A major source of confusion among people who file for bankruptcy is whether debts on which there is a judgment or lien can be removed (or discharged) in a bankruptcy case.
Part of the confusion comes from misuse of the the terms “judgment”, “lien”, and “discharge”.
Whether a debt is dischargeable or not depends on the type of debt it is, and how it was incurred. For example, debts incurred through fraud are not dischargeable. Neither are certain tax debts, domestic support obligations, or student loans.
For more information on which debts are not dischargeable, see https://www.bklaw.com/discharge-of-debts-in-bankruptcy/
A Judgment Is Not A Lien, But A Lien Can Be Created From a Judgment
A judgment and a lien are not the same thing.
A lien is a legal right to get paid from a specific asset/property, as opposed to from an individual person.
A judgment, however, is merely a court order that allows a creditor to pursue collection actions against someone (including creating a lien against assets). Depending on the laws of the state involved, such collection actions can include getting a lien against property, or wage garnishment, or seizures of bank accounts, etc.
But as far as discharge in bankruptcy goes, a debt on a judgment is no different than any other debt that doesn’t yet have a judgment–they are dischargeable in bankruptcy unless they meet one of the exceptions set forth in 11 U.S.C. 523, as described above.
Liens Remain Against Property After Bankruptcy Unless Removed
A “judgment lien” is simply a lien that results from recording a judgment, as described above (as opposed to a lien created voluntarily, such as a mortgage).
A judgment lien¹ is not automatic.
First, the creditor must obtain a judgment from the court.
Then, to create a lien, it must be perfected under applicable non-bankruptcy law (usually the state or county in which the asset is located). For real estate, this usually involves obtaining a certified abstract of the judgment from the court that issued it, and recording it with the county recorder’s office wherever the property is located that the creditor wants the lien to attach.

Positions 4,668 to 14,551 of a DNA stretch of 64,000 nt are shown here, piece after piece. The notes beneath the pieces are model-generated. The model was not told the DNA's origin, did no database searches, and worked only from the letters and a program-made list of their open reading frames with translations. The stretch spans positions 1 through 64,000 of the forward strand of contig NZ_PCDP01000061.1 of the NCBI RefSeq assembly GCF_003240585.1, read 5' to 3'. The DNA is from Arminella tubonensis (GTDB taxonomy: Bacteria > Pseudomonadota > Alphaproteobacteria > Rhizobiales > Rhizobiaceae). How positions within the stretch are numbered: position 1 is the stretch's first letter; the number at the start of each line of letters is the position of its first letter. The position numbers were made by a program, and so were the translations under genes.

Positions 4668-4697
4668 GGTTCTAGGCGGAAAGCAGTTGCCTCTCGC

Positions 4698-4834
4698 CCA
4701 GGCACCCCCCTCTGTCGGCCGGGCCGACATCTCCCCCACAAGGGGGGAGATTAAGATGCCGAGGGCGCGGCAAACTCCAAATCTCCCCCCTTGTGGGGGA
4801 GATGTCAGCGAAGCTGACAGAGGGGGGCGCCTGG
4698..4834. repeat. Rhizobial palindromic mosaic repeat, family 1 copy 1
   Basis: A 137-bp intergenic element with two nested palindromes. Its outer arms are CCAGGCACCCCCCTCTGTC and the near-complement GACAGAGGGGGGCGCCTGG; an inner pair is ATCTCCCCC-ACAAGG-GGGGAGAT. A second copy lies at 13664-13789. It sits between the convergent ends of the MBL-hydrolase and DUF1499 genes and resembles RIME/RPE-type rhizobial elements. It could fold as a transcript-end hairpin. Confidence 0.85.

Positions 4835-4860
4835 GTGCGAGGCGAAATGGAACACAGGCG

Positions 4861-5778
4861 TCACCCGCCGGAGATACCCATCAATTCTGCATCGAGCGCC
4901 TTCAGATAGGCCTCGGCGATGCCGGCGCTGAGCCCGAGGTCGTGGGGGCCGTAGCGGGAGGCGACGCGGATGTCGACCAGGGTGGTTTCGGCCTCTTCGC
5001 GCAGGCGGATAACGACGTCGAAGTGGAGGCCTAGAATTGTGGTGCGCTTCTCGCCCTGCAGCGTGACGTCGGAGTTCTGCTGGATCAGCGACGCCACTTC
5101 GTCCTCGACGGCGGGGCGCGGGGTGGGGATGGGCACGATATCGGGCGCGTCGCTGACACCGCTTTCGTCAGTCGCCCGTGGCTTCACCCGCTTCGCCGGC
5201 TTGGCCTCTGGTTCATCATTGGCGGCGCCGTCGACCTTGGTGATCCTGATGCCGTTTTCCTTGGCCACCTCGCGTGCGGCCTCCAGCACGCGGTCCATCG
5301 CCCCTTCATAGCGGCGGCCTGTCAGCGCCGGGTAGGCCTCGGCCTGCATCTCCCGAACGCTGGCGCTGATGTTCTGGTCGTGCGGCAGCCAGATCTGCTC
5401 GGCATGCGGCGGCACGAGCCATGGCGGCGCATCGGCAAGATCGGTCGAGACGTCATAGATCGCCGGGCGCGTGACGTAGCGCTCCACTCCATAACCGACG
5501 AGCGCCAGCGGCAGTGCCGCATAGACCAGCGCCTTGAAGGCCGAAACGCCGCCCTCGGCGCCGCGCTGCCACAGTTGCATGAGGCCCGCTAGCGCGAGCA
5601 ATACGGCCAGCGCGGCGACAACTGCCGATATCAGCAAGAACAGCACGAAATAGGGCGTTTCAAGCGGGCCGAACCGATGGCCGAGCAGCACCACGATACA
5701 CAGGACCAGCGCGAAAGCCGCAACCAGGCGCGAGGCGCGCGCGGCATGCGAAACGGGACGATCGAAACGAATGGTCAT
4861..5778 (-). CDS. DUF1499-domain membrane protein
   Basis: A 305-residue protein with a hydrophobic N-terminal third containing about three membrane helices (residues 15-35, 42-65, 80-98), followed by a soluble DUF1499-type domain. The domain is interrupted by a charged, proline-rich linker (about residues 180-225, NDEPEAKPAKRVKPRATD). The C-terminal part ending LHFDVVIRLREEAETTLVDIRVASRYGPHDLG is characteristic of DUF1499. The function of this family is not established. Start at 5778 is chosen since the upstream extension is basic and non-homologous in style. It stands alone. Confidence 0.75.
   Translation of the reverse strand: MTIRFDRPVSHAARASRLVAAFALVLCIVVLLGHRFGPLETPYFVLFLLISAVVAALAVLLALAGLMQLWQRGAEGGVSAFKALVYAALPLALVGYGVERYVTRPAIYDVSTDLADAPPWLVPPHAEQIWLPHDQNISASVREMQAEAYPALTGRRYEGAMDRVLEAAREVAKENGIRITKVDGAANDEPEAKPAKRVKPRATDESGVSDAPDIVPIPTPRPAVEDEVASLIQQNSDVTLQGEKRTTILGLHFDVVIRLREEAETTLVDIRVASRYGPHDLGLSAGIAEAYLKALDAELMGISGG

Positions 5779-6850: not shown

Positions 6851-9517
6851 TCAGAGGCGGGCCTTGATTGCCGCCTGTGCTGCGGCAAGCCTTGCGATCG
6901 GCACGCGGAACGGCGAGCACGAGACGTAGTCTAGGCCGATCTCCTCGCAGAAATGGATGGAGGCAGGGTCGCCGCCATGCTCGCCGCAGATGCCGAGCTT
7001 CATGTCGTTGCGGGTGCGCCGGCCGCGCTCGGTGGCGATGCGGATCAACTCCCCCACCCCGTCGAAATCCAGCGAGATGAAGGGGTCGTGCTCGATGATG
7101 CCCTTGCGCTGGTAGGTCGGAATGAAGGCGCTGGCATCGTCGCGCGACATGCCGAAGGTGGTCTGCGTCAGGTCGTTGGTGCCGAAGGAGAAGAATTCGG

This lien will remain against whatever property it is “attached” to on the date the bankruptcy case is filed after the bankruptcy discharge has been entered, unless it is specifically avoided (removed) in the bankruptcy case.
Why? Because the bankruptcy discharge only eliminates the debtor’s personal liability on the debt.
It does not affect any property’s liability on a debt.
Sometimes Judgment Liens Can Be Removed in Bankruptcy
So, can one get rid of (avoid) a judgment lien in a bankruptcy case? If certain requirements are met, yes.
The bankruptcy code section that states this is 11 U.S.C. 522(f), which allows a lien to be removed to the extent that it impairs an exemption to which the debtor would have been entitled in the absence of the lien.
This is basically a mathematical calculation, and depends of course on the value of the asset, the amount of any senior liens, and the amount of the available exemptions (usually governed by the laws of the State where the bankruptcy case is filed, but not always), as well as when the lien attached to the property. To see more on exemptions, visit https://www.bklaw.com/bankruptcy-exemptions.
The bottom line is that if you have a creditor who has obtained a judgment lien against you, be sure to tell your bankruptcy attorney so he/she can assess whether or not it can be removable in your case. This can also be done after your bankruptcy case is over, but there are limits and it requires additional legal fees to reopen your bankruptcy case.
¹ A judgment lien is an involuntary lien. This is distinguished from a voluntary, or consensual lien such as a mortgage or a security interest granted to purchase a vehicle. The lien avoidance procedure referenced above only deals with involuntary judicial liens.
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